Bridget Hoke '20Bridget Hoke '20 worked at Portland Housing Authority to support outreach efforts for the community needs assessments and development projects in public housing neighborhoods around the City of Portland. She also supported outreach efforts for our development department and possibly research opportunities, services, programs, and grants to address established needs and make recommendations to the PHA.

"Having been exposed to the immigrant and refugee population of Portland on my Alternative Winter Break, I knew I would love getting to know the community better this summer through my work at PHA. This internship has been incredibly enriching, from running a community needs assessment, to hanging out with the neighborhood kids at the playground or the study center. PHA has given me great independence and support to get to know their non-profit and the population they serve."



Sarah Lim '18Sarah Lim '18 (Government & Legal Studies and Psychology) examined the barriers facing immigrants, refugees, asylees, and low income individuals and families in the greater Portland area with Community Financial Literacy. Financial instability is a mitigating factor that debilitates upward mobility, and the support and empowerment that the CFL provides through financial literacy education is unique and critical for the growing immigrant population in Maine.

"In a small non-profit organization such as CFL, I was able to work with every staff member and see the critical work that each staff member contributes to the organization. The financial empowerment that CFL provides was visible in the classes taught by the CFL staff, many who are immigrants and refugees themselves. The fellowship provided me with the opportunity to understand the diversity of the immigrant communities in Portland and the significant role they play in Maine."



Victoria Lowrie '18Victoria Lowrie '18 (Government & Legal Studies) offered concrete legal assistance to the marginalized population of refugees and immigrants residing in Maine through this fellowship with Immigrant Legal Advocacy Project. By working to address the various legal concerns that an immigrant may face, she expanded individuals' opportunities to comfortably settle and thrive in Maine.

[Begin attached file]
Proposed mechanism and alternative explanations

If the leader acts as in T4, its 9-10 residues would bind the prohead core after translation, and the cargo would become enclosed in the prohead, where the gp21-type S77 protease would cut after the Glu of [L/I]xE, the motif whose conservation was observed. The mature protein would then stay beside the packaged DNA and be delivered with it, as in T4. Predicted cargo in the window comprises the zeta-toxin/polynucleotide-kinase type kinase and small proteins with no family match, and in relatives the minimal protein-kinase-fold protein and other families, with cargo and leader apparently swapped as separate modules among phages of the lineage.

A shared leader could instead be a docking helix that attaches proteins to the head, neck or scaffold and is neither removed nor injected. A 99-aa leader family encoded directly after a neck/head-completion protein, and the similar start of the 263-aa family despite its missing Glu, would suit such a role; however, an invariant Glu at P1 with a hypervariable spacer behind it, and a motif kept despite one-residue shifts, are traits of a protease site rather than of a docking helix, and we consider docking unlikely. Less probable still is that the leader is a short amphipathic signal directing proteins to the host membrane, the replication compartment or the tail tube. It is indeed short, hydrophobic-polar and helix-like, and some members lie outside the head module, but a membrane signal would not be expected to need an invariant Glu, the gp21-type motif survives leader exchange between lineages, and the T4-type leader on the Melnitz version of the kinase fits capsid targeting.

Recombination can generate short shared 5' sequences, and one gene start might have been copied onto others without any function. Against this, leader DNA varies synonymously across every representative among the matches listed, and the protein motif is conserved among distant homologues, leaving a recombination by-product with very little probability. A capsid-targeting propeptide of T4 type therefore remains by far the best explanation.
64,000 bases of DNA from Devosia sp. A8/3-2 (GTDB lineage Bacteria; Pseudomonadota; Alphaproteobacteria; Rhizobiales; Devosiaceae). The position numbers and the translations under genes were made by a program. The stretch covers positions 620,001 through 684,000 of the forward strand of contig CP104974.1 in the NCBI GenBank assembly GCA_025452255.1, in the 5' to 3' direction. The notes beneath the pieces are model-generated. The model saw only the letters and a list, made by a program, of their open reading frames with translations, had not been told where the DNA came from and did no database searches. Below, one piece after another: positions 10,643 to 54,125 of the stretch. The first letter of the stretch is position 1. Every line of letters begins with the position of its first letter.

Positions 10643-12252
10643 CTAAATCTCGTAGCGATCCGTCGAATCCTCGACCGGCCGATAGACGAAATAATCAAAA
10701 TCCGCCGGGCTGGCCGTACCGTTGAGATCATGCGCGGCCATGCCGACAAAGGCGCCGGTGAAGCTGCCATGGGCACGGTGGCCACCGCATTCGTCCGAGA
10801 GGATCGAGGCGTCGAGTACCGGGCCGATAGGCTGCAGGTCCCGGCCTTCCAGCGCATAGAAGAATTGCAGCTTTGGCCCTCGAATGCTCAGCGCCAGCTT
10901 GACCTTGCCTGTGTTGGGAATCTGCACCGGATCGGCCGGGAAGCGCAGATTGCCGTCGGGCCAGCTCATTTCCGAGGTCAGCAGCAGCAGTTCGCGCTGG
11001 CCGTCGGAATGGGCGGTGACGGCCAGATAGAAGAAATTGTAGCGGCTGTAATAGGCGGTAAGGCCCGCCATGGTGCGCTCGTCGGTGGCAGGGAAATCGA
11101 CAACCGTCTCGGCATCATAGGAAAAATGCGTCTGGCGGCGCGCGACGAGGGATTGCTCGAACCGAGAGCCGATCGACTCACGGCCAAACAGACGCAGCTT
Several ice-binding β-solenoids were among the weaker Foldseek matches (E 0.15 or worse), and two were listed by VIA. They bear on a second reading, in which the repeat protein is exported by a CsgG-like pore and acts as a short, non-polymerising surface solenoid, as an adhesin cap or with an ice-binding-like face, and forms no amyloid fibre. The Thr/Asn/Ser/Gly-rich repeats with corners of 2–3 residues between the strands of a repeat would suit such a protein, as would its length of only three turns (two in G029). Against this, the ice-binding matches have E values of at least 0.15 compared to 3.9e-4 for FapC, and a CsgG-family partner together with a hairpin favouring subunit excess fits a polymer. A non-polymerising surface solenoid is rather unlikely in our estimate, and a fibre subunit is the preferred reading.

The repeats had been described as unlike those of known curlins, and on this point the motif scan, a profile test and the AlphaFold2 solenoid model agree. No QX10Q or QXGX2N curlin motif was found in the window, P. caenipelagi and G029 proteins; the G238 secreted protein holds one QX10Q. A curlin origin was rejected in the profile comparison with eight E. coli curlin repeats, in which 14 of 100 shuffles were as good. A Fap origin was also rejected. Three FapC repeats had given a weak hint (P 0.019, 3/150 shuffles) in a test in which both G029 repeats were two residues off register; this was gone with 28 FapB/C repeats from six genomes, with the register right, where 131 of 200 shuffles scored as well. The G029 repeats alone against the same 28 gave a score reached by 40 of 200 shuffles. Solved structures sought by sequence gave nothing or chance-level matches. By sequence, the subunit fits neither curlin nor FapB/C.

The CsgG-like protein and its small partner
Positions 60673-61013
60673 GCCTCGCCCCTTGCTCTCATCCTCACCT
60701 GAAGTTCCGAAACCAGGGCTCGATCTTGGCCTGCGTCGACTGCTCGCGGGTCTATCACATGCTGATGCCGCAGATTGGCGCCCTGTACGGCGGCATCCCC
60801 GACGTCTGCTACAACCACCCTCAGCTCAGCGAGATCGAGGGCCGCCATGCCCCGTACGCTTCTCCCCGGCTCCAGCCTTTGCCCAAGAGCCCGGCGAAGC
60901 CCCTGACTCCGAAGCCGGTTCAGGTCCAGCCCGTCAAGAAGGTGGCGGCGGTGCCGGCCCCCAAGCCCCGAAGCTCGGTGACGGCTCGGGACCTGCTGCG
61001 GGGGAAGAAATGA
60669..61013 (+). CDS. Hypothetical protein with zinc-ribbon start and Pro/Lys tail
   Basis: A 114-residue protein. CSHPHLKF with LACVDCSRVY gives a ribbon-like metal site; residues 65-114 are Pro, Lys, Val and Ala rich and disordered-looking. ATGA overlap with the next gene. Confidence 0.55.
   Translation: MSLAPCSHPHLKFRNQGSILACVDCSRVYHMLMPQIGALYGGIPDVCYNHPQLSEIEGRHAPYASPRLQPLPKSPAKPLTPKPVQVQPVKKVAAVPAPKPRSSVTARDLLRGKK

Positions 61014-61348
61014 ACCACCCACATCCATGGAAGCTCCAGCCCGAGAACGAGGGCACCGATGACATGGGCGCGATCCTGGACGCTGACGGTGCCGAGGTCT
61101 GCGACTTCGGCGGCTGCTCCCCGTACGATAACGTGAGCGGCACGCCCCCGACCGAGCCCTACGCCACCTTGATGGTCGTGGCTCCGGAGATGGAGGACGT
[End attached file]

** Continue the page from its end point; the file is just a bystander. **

"Working in the Pro Se Clinic at ILAP provided me with in-depth insight into the various complexities of immigration law and how the intersection of immigration status, poverty, race, and other areas of identity can impact families and individuals in Maine and throughout the country. I am grateful for the opportunity to have met and worked with so many inspiring members of immigrant communities in Maine."



Julie Scholes '20Julie Scholes '20 interned at Partners for World Health in Portland shadowws project managers to learn about the specific roles and organization within PWH, analyzed data collected from prior medical missions led by PWH, researched and identified potential grants and funders, and assisted in the organization of fundraising events throughout the summer.

"Working alongside the founder of PWH, I gained a great appreciation for the dedication and passion necessary to run a successful nonprofit. Throughout the summer, I assisted in all aspects of the nonprofit: collecting medical supplies from local hospitals, sorting and packaging the collected supplies, and shipping them to hospitals in Syria and Pakistan. It was rewarding to see how we could use discarded medical items to provide valuable supplies to hospitals in developing countries."



Abby Silsby '20 Through the McKeen Center and Bowdoin Career Planning, Abby Silsby '20 worked with the Volunteer Lawyers Project and the constituents of the West Bath Courthouse to explore the opportunities and issues around legal advocacy in mid coast Maine.

"Interning with the VLP, Bowdoin Career Planning, and the McKeen Center this summer has confirmed my interest in the justice system. The opportunity to not only help establish a Courthouse Assistance Project in West Bath, but to assist many low-income Mainers has been incredible. Beyond teaching me about the many intricacies of family law, my experience demonstrated just how important improving access to justice is for Maine communities."